Quicksilver (film)

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File:Quicksilver (1986) poster.jpg
Theatrical release poster
Directed byThomas Michael Donnelly
Produced byDaniel Melnick
Michael I. Rachmil
Written byThomas Michael Donnelly
Music byTony Banks
CinematographyThomas Del Ruth
Edited byTom Rolf
Distributed byColumbia Pictures
Release date
  • February 14, 1986 (1986-02-14)
Running time
105 minutes
CountryUnited States
Box office$7,246,979[1]

Quicksilver is a 1986 American drama film written and directed by Thomas Michael Donnelly and starring Kevin Bacon. The film, which was distributed by Columbia Pictures, also stars Jami Gertz, Paul Rodriguez, Louie Anderson, Laurence Fishburne, and Rudy Ramos.


Jack Casey (Kevin Bacon) is a young floor trader who loses all of his company's and family's savings on a risky business decision. Deflated and disenchanted with his profession, he quits his job and becomes a bicycle messenger. Casey has to deal with his parents and his girlfriend, who are disappointed with his new job. Along with the colorful characters that work with him, he saves a troubled young woman named Terri (Jami Gertz) from a gang.

Although frustrated, Casey enjoys the freedom that comes with his lower responsibility. He also uses his education and business acumen to help his co-workers. When some of them are involved in dangerous or difficult matters, Casey must decide whether he should become involved. Those matters lead to a sinister web of murder and intrigue.

Casey later makes a killing on the stock market, restoring his family's fortune and securing his friends' financial future.


Featured bicycles[edit]

Although a variety of bicycles are used in the movie, 1984–85 Raleigh USA road bikes[2] are used throughout by notable players in the movie.

Kevin Bacon's bicycle is a singlespeed '84 Raleigh Competition. While no differentiation is made in the film, at least three different configurations are seen on Bacon's bike during the movie: fixed-gear, singlespeed, and outfitted with 0-degree trick forks during various scenes in Bacon's apartment. A possible freewheel is suggested early in the film when Bacon dismounts while in motion and a distinct clicking sound is heard until the bike stops moving.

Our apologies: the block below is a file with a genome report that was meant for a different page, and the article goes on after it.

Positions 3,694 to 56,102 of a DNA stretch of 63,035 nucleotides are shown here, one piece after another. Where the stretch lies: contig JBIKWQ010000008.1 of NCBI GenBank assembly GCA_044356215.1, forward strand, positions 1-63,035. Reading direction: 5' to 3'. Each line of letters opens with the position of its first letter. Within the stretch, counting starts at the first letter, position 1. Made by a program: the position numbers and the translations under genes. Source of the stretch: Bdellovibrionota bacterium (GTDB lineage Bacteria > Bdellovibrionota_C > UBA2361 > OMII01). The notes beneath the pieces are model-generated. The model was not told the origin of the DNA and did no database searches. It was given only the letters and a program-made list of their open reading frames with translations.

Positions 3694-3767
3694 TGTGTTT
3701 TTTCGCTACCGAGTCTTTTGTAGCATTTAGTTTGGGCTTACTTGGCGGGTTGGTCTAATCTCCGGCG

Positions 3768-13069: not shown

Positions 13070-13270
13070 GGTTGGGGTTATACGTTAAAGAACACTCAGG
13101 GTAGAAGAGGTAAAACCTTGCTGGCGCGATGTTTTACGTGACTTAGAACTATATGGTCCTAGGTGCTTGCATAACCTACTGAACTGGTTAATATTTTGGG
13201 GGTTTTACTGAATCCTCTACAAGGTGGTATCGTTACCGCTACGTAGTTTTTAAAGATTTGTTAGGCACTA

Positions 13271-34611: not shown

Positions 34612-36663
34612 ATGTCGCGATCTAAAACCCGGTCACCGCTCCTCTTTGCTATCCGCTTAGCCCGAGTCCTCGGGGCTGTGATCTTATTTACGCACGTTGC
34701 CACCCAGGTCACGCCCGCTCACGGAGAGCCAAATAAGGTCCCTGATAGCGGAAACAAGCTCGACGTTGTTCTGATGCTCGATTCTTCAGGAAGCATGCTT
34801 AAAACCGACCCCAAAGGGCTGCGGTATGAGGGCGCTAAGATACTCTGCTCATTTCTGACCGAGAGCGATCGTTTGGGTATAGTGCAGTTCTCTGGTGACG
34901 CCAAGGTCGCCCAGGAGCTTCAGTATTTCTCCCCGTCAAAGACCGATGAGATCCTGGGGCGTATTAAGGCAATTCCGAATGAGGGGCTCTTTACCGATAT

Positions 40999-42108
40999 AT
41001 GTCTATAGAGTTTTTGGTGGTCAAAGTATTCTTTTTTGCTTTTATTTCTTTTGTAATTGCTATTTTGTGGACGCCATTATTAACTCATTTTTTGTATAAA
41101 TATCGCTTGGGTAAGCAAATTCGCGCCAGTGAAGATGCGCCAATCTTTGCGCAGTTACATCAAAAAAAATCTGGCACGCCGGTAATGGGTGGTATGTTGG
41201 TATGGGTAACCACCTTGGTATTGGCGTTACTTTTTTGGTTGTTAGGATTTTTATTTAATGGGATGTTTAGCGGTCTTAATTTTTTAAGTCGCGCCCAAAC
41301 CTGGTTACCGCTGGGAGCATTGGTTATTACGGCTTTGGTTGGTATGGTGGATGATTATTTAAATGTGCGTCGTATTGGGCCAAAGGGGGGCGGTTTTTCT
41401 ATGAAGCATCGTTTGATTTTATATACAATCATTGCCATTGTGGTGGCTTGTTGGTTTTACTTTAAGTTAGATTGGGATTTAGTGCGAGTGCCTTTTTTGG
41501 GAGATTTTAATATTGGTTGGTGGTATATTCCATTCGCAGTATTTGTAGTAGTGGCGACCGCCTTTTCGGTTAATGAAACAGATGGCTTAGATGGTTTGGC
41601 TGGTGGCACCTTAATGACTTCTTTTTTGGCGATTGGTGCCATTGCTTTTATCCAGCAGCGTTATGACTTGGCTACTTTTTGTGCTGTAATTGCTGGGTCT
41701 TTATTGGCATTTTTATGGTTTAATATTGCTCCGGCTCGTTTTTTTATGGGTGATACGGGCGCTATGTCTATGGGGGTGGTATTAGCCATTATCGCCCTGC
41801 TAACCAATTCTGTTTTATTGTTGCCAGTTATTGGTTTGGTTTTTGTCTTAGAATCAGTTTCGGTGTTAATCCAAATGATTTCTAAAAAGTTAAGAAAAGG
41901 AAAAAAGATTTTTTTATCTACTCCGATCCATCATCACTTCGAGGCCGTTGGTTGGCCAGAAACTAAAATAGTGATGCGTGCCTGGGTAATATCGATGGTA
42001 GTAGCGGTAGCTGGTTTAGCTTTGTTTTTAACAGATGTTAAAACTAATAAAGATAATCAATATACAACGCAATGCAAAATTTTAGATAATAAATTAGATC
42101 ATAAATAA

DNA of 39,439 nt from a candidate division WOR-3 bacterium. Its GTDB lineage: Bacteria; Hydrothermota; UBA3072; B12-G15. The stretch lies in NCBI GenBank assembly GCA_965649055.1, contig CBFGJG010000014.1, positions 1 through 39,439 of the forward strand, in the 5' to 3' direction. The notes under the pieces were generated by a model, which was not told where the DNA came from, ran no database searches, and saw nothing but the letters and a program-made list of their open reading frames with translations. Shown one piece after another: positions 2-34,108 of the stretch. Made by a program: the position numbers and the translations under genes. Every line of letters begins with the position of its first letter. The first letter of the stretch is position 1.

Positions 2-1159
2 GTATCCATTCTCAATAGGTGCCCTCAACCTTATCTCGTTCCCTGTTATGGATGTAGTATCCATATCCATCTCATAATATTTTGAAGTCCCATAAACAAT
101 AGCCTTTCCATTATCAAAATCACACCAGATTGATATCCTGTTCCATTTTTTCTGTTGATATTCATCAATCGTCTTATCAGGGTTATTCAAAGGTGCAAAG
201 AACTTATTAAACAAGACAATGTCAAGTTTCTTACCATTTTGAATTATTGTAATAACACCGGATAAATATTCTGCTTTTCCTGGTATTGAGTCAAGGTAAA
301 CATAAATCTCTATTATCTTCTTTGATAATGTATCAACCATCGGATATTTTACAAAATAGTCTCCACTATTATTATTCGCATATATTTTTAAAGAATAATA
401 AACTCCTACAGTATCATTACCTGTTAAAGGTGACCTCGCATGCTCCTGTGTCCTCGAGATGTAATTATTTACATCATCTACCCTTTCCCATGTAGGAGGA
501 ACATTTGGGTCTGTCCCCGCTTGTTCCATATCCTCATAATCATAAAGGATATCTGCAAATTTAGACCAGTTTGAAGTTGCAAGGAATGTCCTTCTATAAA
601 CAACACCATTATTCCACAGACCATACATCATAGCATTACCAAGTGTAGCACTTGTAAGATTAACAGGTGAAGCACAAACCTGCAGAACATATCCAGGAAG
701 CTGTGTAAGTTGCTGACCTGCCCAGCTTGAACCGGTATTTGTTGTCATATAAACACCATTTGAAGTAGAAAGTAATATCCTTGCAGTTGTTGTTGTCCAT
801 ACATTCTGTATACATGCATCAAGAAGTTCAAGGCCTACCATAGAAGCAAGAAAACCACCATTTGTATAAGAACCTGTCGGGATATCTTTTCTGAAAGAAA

A 1984/5 Raleigh Grand Prix (ridden by 1984 US Olympic silver medalist and former bike messenger Nelson Vails) is used for the opening chase sequence, and a 1984 or '85 Super Course makes a brief appearance in the opening credits.

Featured music[edit]

The film's theme song is "Quicksilver Lightning" by Giorgio Moroder and Dean Pitchford. Performed by Roger Daltrey - the B-side being "Love Me Like You Do", written by Andy Nye and taken from Daltrey's solo album Under A Raging Moon – it was a minor hit on the pop charts. The film score was composed by Tony Banks, of Genesis fame. Other music is contributed by performers such as Ray Parker Jr. and Peter Frampton. "The Motown Song" would later be covered by Rod Stewart with The Temptations in 1991 and would become a hit on the pop charts.


  1. "Quicksilver Lightning" – Roger Daltrey
  2. "Casual Thing" – Fiona
  3. "Nothing At All" – Peter Frampton
  4. "Shortcut to Somewhere" – Fish and Tony Banks
  5. "Through the Night (Love Song from Quicksilver)" – John Parr and Marilyn Martin
  6. "One Sunny Day/Dueling Bikes from Quicksilver" – Ray Parker Jr. and Helen Terry
  7. "The Motown Song" – Larry John McNally
  8. "Suite Streets-From Quicksilver" - Thomas Newman
  9. "Quicksilver Suite I/Rebirth/The Gypsy" – Tony Banks
  10. "Quicksilver Suite II/Crash Landing" – Tony Banks

Home media[edit]

The DVD for Quicksilver was released on December 10, 2002 by Sony Pictures Home Entertainment.[3]


The film received negative reviews and as of August 2013 has only a 15% "rotten" rating on Rotten Tomatoes based on 13 reviews.[3]

In The New York Times, Walter Goodman wrote "As long as the characters are doing stunts or whizzing impossibly through city traffic to a strong rock beat, there's something to watch. For the rest of the time, Quicksilver is as much fun as a slow leak."[4]

Bacon's views on the film[edit]

In 2008, Kevin Bacon called the film "the absolute lowest point of my career."[5][unreliable source?]


External links[edit]